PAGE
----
"What we were doing was not fighting on the front lines — we were enabling those who were doing that," Petraeus said. It was U.S. allies — Kurdish-backed forces — "who bore the brunt of the fighting on the front lines."

Sozda Rakko of the Kurdish Red Crescent, northeastern Syria's equivalent of the Red Cross, told NPR's Arraf that she had gotten reports of a hospital bombing along a border city on Friday, one day after the cease-fire agreement was announced.

In a statement on Friday, Kurdish forces said that though attacks had slowed, artillery and drone attacks and gunfire by Turkish-backed militia killed five civilians and at least 13 Kurdish fighters in Syria on Thursday.

"We will not refrain from using our right to legitimate self-defense in case of any attack by Turkish-backed militias," the statement said.

On Friday, President Trump tweeted that he had spoken with Erdogan, who told him that "there was minor sniper and mortar fire that was quickly eliminated."

"[Erdogan] very much wants the ceasefire, or pause, to work," Trump wrote.

Erdogan told reporters that he intends to move some of the millions of Syrian refugees in Turkey to the border area where Kurdish-led forces are being asked to evacuate. Syrian Kurds fear hostility from these refugees and worry that their demographic majority would be threatened in certain areas.

"If we stay on this path, it will have catastrophic consequences that will affect the people of the area and create ethnic cleansing," Abdi told NPR. "We are asking Trump and the U.S. administration to keep its promises."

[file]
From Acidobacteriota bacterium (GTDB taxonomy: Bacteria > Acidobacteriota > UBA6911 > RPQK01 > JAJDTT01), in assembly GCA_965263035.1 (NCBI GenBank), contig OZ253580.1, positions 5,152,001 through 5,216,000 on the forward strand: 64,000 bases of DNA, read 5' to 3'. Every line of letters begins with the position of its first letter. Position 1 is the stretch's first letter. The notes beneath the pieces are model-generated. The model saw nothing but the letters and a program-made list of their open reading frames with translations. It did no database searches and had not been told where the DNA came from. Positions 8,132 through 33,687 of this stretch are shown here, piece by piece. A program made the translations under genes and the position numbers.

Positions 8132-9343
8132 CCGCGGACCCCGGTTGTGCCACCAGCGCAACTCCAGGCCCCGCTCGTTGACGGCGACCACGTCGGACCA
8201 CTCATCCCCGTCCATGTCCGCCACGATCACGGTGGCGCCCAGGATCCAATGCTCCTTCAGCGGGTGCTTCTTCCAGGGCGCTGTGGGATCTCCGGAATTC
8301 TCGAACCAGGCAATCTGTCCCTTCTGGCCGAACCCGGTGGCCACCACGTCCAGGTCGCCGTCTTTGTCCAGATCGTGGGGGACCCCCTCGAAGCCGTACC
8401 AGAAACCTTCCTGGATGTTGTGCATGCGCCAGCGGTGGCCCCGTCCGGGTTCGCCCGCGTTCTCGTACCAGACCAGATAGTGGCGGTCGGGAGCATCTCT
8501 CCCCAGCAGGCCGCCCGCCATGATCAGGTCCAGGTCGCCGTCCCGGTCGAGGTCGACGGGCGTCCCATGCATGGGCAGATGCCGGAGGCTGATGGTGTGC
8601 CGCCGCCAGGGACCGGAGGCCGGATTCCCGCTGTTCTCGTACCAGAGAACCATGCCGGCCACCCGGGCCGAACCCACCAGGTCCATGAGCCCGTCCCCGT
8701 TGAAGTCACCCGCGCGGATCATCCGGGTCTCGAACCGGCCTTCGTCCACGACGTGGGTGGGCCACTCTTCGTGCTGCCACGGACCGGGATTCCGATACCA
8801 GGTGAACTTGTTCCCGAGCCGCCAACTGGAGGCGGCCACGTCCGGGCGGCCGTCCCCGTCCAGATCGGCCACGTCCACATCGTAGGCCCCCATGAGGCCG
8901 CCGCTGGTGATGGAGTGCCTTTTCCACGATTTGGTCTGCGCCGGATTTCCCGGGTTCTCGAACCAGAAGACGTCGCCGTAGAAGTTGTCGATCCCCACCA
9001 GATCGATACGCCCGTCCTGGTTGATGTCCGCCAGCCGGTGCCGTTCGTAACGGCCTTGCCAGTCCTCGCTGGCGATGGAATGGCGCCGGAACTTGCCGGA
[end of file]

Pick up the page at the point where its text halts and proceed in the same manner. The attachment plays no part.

Abdi said he wants Trump to reverse the withdrawal of American troops from northern Syria and reverse the U.S. deal with Turkey — "so we can find a complete political solution to the Syrian conflict."

Abdi also said his army had not made a deal with the Syrian regime about which areas it would control in the future. Turkey has expressed a desire for the contested border region in Syria to become "buffer zone," while many see it as a Turkish occupation.

In the meantime, Russian troops are making inroads. As NPR's Greg Myre has reported, video shows Russians taking over an abandoned U.S. outpost, with half-eaten meals left by American troops on the dining tables.

Eugene Rumer, a senior fellow at the Carnegie Endowment for International Peace, told Myre that Russia's "mission of getting itself reestablished as a major power broker in the Middle East has been facilitated by the fact that the United States has been trying to disengage."

Trump told reporters earlier this week that he does not mind the Russian presence.

"Russia's tough," Trump said. "They can kill ISIS just as well, and they happen to be in their neighborhood."

On Friday, Trump celebrated the deal with Turkey on Twitter: "Think of how many lives we saved in Syria and Turkey by getting a ceasefire yesterday. Thousands and thousands, and maybe many more!"

Moving forward, Petraeus told NPR's Martin, the U.S. needs to determine what can be "salvaged" in the fight against ISIS.

"We have to try to get into a political process, in which now Iran and Russia and [Syrian President] Bashar al-Assad clearly have an upper hand," Petraeus said. "We have to take care of those refugees that are being pushed out of their homes ... and somehow, we have to also try to shore up our international credibility at a time when it has been called into question."